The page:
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Abraham and Dancer Single Pillar Microscope

The Abraham and Dancer single pillar microscope is an early example of a compound monocular achromatic microscope. The illustration of the instrument featured below was developed from images in Gerard Turner's Collecting Microscopes, a volume in Christie's International Collectors Series of books on antiques.

John B. Dancer was an optician and mathematical instrument maker, but is most often remembered as the inventor of photomicrographs and the stereoscopic camera, or as the father of microfilm, although he never secured any patents. From 1841 to 1845, however, he produced single pillar, achromatic microscopes in conjunction with a colleague, Abraham Abraham. The instrument presented above is an example of their cooperative efforts and consists of a single brass pillar mounted on a Y-shaped tripod base. A pivot located at the top of the pillar is used for instrument inclination, and a single body tube mounted in a brass collar holds the achromatic objective and eyepiece. The limb of the microscope is straight and holds a small, rotatable square stage, a substage condenser, and the body tube assembly. Beneath the stage, a light-gathering mirror is mounted on a gimbal and supported at the bottom of the limb. A Lieberkühn reflector attached to the substage by an articulated arm assists in the illumination of opaque specimens. The original model of the undated microscope is signed "Abraham & Dancer, Manchester", and is housed in the collection of the Museum of the History of Science in Oxford.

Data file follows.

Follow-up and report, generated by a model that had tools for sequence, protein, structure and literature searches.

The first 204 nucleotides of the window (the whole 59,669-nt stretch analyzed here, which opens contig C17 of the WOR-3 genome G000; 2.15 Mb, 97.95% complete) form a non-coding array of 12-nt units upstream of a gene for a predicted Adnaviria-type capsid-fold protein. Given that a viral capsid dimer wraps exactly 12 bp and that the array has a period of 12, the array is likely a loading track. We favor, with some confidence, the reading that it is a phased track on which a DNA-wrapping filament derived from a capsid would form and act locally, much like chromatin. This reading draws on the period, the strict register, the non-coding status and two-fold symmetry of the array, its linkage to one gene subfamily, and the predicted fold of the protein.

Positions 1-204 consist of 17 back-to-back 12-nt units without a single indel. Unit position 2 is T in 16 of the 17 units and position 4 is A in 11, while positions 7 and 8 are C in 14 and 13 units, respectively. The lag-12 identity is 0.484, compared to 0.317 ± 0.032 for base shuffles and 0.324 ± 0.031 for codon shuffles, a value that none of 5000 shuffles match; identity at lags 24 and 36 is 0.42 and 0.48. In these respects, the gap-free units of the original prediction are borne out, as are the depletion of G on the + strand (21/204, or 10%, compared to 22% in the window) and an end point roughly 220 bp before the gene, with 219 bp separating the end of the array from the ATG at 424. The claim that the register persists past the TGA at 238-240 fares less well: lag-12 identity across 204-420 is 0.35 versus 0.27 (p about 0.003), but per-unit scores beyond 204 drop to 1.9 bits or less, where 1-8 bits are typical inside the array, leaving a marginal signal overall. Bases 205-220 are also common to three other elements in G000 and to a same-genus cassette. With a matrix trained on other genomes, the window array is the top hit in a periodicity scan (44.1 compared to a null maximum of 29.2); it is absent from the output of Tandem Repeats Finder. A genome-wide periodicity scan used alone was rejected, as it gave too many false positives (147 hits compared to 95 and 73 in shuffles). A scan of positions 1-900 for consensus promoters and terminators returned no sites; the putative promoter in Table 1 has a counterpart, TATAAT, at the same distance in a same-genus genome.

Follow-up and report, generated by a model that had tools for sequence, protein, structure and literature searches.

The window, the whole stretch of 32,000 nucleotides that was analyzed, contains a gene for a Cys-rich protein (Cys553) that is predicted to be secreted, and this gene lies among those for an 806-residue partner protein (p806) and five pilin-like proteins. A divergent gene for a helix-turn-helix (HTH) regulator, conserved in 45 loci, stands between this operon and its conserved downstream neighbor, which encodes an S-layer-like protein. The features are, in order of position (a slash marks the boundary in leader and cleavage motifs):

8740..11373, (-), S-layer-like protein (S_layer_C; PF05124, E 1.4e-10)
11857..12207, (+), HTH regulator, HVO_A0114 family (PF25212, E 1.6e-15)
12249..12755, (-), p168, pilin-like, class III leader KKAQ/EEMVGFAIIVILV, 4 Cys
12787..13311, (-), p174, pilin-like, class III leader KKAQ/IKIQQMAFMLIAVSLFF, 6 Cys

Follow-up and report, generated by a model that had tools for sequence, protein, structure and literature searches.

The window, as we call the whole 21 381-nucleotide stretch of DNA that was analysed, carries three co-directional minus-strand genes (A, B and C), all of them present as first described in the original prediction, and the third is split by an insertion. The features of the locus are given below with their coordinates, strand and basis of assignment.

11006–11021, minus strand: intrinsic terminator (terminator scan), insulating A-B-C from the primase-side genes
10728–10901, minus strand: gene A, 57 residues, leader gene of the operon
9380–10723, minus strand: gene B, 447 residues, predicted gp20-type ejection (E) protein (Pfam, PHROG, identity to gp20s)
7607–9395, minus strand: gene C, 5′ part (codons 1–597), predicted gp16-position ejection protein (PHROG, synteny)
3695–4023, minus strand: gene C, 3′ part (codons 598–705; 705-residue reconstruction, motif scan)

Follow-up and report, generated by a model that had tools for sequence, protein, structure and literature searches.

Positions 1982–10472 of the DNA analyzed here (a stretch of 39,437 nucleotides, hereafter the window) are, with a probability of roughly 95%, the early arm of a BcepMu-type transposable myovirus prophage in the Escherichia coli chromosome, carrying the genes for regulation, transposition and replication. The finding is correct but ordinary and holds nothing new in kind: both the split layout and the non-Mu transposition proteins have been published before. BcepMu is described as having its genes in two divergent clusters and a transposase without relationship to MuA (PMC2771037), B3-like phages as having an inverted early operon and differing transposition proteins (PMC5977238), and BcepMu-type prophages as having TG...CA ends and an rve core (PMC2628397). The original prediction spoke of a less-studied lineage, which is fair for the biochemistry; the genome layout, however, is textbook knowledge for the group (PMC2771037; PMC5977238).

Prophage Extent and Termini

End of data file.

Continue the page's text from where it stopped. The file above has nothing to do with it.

After their partnership dissolved, Dancer continued to produce microscopes and other scientific instruments from his workshop in Manchester, England, while Abraham returned to his home in Liverpool, where he headed the firm of Abraham and Company until 1860. Dancer, who had apprenticed under the great optics pioneers Jesse Ramsden, John Dalton, and Edward Troughton, went on to create high quality instruments for many prominent scientists, such as James J. Joule, William B. Carpenter, and John Dalton. His independent productions were initially double pillar microscopes, but he then switched to a design similar to that of Smith & Beck before developing binocular microscopes of his own design.

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